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Badilisha Lugha KISWAHILI

Let`s arrest alcohol abuse for schoolgirls` safety

10th December 2012
We need to protect girls whose future comes to a standstill due to unwanted pregnancies. (File photo)

At a time when they are supposed to be at school, learning with other classmates, some girls are chased from school due to pregnancy. Not out of their free will but because they have been raped, worse still by someone who is drunk.

Sadly, excessive alcohol incites violence in some men, who pounce on school going children and sexually abuse them, destroying their future.

Such was the case of 15 year old Beatrice Shirima (not her real name) of Magomeni Mwembechai whose innocence was taken away by her neighbour who was drunk.

When the incident happened, early this year, Beatrice was in Form II at a school in Morogoro.

“During the Easter holiday, I returned home to be with my family. On the day I was raped, my mother had sent me to the market,” said the 15 year old girl who was allegedly raped by someone she called Juma.

“I met my neighbour on my way back home from the market. He told me he had a new movie which he wanted to lend me. He looked drunk but I went with him because I trusted him since we stay in the same neighborhood and exchange movies,” she said.

Beatrice says to her surprise when she arrived at Juma’s place, no one was around.

“He dragged me to his bedroom and took advantage of me; I was raped by someone I trusted,” she says with tears in her eyes.

Beatrice narrated that her parents quickly took her to a police station where she got a PF3 form, and then received medical treatment at Mwananyamala hospital.

Adding that the medical examination confirmed she had been raped and the suspect was eventually arrested.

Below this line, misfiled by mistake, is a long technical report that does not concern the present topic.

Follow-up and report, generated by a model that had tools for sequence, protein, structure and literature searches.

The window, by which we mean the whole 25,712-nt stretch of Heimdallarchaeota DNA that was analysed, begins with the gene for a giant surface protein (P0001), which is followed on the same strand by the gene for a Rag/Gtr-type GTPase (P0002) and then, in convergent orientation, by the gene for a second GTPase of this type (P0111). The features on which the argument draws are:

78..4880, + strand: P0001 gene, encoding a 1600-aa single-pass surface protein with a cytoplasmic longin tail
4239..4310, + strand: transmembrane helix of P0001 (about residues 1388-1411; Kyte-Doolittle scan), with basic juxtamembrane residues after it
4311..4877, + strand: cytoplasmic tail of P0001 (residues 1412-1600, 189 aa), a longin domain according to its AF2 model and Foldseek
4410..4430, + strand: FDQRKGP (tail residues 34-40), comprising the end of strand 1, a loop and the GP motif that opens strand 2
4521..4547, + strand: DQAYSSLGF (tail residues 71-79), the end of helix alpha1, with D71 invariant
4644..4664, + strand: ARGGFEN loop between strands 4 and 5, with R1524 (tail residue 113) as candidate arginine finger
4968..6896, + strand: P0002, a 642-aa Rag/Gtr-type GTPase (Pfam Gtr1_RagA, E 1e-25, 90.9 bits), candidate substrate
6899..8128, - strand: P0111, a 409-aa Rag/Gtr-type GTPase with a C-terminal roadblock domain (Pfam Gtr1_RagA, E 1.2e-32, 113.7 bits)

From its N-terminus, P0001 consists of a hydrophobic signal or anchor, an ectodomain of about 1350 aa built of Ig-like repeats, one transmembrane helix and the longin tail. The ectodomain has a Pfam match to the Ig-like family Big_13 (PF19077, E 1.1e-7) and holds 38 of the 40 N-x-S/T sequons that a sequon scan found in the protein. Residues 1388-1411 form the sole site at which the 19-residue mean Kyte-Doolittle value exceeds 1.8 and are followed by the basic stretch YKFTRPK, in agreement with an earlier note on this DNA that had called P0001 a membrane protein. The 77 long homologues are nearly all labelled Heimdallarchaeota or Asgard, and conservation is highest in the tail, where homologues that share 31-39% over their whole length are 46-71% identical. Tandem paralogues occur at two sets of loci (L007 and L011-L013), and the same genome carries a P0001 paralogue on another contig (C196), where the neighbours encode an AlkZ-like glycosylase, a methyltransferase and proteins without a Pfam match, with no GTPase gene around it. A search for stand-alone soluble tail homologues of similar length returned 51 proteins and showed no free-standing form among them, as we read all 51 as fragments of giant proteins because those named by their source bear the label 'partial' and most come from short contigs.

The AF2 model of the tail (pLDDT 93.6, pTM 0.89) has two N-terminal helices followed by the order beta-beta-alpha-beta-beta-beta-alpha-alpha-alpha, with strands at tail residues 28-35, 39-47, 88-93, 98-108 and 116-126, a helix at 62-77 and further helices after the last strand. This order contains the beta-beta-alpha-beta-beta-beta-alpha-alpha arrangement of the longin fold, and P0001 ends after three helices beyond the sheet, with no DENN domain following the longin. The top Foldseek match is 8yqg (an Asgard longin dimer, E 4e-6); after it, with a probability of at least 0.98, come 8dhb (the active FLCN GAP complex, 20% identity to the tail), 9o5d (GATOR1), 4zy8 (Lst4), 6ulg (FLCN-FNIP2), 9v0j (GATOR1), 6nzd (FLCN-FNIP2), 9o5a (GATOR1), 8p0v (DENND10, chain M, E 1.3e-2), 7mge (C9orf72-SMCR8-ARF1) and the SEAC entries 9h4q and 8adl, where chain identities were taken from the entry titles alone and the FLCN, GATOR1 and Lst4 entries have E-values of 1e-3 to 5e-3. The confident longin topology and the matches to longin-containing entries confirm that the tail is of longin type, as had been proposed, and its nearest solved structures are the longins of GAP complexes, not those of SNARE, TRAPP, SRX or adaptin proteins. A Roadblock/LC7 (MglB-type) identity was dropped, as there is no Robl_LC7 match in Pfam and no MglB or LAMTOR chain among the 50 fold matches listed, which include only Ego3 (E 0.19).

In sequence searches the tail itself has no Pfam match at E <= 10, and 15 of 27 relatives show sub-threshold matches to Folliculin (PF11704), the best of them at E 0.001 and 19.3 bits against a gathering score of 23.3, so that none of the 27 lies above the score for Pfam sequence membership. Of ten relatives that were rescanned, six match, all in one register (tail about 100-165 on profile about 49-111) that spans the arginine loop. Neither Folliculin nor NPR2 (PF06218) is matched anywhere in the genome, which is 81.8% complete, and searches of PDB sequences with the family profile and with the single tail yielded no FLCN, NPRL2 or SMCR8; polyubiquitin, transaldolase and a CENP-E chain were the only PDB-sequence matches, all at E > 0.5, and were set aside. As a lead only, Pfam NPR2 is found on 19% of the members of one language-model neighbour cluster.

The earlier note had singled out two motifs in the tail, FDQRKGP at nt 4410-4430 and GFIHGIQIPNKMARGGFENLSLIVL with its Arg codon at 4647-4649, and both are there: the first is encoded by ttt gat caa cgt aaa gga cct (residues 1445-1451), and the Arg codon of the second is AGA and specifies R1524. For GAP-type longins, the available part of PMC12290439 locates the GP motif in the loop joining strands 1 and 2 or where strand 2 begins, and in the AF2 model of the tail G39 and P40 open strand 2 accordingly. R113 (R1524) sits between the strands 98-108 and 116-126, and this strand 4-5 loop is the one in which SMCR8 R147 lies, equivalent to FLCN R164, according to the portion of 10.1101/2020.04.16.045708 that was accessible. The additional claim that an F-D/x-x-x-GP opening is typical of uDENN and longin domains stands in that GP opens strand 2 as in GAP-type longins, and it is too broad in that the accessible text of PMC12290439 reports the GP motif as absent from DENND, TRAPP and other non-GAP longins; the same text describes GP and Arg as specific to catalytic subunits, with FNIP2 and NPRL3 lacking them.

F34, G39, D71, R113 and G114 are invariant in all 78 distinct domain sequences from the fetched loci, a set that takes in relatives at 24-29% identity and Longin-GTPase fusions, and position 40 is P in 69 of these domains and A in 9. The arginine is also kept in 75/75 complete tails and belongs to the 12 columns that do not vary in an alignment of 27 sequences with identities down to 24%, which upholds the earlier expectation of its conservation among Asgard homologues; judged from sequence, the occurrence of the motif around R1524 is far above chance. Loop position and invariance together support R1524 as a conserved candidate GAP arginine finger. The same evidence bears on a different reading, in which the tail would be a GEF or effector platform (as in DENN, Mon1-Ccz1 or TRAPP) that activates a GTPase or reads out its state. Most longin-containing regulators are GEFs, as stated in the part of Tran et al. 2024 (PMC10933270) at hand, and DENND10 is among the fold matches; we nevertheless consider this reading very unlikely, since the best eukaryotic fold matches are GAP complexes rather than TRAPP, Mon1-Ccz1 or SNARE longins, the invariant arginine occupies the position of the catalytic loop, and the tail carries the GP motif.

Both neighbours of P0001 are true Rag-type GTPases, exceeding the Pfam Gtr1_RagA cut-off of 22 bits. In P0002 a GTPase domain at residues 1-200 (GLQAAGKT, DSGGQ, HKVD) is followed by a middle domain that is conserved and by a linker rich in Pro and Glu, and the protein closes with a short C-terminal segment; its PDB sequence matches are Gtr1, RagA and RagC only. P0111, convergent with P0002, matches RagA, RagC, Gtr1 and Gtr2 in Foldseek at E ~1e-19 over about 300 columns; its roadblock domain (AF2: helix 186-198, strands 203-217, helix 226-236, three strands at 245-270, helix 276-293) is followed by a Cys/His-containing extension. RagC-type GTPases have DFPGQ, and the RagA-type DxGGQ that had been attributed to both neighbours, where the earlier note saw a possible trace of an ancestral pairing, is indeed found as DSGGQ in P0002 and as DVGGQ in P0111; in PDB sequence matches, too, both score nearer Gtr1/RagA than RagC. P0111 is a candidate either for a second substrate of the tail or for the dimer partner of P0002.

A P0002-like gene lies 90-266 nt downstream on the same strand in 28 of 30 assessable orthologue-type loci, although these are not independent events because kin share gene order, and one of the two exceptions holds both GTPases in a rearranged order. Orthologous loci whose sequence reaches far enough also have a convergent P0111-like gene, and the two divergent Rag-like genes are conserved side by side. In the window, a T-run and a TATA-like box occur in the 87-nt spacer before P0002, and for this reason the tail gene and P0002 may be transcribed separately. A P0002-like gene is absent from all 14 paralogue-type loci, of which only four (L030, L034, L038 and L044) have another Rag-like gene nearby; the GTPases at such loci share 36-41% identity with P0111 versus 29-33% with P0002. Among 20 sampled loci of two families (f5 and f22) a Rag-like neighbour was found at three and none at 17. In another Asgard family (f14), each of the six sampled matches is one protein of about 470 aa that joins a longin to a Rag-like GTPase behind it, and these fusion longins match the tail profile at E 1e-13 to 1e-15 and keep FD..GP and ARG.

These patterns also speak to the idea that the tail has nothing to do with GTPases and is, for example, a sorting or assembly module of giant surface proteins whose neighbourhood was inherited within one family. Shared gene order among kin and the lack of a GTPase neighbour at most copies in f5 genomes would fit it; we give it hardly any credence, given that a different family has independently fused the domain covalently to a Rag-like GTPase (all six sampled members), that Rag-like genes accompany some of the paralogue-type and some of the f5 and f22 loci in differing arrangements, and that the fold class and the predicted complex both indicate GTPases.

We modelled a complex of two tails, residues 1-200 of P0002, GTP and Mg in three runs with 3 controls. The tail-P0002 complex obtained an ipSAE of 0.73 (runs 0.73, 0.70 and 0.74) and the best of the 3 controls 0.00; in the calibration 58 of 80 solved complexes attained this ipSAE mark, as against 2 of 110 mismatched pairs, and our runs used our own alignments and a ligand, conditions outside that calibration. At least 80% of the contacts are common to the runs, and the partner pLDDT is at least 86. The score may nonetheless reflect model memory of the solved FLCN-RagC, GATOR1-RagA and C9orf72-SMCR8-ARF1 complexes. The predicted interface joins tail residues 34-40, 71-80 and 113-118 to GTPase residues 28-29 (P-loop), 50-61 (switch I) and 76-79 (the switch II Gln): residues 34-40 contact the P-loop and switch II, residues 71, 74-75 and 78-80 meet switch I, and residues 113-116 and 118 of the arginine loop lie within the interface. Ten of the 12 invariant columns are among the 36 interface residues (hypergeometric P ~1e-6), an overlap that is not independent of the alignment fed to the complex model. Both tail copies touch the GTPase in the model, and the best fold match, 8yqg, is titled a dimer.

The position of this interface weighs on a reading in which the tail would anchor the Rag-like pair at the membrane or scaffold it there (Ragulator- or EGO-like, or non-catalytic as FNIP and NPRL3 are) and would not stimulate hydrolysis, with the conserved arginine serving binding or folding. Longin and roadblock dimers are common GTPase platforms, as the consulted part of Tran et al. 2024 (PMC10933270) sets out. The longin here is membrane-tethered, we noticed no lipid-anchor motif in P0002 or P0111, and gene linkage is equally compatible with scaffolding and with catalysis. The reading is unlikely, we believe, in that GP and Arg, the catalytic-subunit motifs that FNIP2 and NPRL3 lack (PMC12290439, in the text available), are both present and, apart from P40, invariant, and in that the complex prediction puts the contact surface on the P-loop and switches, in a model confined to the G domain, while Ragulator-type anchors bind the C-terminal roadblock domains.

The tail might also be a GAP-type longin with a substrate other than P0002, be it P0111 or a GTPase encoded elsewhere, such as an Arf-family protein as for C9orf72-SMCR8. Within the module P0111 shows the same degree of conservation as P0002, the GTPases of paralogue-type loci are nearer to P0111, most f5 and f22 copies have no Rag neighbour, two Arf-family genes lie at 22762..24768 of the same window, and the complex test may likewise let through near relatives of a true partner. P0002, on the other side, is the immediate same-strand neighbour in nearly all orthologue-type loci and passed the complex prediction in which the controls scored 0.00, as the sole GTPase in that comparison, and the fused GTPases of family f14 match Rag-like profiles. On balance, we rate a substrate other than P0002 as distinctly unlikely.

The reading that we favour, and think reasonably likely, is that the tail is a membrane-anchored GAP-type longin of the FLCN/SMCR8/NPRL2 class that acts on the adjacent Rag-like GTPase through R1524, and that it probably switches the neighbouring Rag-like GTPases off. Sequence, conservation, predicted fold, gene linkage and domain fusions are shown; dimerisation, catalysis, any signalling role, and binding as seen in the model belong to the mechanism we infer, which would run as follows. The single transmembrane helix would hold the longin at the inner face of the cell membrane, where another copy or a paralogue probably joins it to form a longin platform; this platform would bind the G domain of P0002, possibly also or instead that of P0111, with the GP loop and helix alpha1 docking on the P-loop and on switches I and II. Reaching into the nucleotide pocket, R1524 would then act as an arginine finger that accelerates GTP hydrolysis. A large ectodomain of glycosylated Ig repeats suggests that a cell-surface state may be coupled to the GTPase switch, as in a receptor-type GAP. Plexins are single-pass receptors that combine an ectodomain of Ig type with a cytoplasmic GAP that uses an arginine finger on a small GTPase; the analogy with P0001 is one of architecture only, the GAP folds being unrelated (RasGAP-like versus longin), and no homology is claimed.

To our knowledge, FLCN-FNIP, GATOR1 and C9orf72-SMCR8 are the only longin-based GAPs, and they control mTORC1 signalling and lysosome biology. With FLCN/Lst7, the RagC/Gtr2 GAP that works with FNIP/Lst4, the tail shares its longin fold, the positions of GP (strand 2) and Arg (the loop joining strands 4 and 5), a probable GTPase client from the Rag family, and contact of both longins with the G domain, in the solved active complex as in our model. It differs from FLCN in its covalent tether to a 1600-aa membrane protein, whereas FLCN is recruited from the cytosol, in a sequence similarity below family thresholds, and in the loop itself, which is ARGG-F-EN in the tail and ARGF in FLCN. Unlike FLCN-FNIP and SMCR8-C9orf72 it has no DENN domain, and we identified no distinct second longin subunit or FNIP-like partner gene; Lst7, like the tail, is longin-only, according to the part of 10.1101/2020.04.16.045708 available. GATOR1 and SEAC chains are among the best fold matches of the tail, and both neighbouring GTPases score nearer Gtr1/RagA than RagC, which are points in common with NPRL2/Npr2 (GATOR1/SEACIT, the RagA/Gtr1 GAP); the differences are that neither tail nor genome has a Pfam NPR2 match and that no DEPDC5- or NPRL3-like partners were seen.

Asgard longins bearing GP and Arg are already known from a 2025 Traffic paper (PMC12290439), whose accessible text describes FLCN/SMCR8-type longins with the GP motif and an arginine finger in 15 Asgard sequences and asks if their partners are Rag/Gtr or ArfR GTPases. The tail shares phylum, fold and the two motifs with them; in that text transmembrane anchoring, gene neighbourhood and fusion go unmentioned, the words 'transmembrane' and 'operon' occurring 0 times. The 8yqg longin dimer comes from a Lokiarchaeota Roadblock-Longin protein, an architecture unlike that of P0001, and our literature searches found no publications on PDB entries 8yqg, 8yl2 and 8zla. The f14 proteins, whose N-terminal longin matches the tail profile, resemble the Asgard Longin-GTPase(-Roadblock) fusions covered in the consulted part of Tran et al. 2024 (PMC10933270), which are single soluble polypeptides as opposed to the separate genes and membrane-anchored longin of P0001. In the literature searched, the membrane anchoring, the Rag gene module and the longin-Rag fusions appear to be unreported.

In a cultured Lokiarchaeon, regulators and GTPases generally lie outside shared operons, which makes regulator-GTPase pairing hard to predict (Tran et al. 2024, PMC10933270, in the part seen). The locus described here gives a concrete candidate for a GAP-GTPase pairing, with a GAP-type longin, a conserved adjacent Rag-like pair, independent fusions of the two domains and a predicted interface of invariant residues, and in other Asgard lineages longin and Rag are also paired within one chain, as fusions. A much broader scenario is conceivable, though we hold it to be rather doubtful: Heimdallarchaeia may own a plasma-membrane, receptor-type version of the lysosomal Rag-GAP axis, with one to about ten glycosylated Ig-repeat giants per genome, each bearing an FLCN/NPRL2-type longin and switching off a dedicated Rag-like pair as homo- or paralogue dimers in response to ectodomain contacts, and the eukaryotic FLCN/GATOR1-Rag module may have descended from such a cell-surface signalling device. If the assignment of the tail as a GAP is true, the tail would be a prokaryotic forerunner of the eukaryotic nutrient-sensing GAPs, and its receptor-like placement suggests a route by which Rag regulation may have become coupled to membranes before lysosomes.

“I went back to school when the holiday was over and after a month I started feeling sick. My teachers suggested that I go for a checkup; I was shocked when the results showed that I was pregnant. My parents were immediately told to come and pick me up from school,” said Beatrice.

She started having some health complications, “last month I delivered a premature baby who survived for a few days and then passed away,” she said.

This is the dilemma a young girl had to go through because of someone who abused alcohol and became violent.

Elizabeth Muhangwa is the Legal Officer and Coordinator at Tanzania’s Crisis Resolving Centre (CRC). She says the organization receives cases of teen pregnancy seeking legal remedy.

“When I am handling cases involving school pregnancies, most of the young mothers are psychologically affected because they are forced to start an adult life at an early age; others are as young as 14 years old and are already taking care of their own children, despite them too being children,” she said.

Muhangwa said “others feel rejected because most men refuse to take responsibility of the pregnancy or children born from these young girls.”

“At Crisis Resolving Centre, we receive cases of rape involving school going children and some say the perpetrator was drunk. The parents testify that the girls are so traumatized and their grades at school are affected drastically,” said Ms Muhangwa.

Indeed alcohol related abuse destroys the future of school going children, who are the leaders of tomorrow’s generation.

According to medics at Mwananyamala hospital, the hospital has been receiving many rape cases which involve people who have abused alcohol or drugs.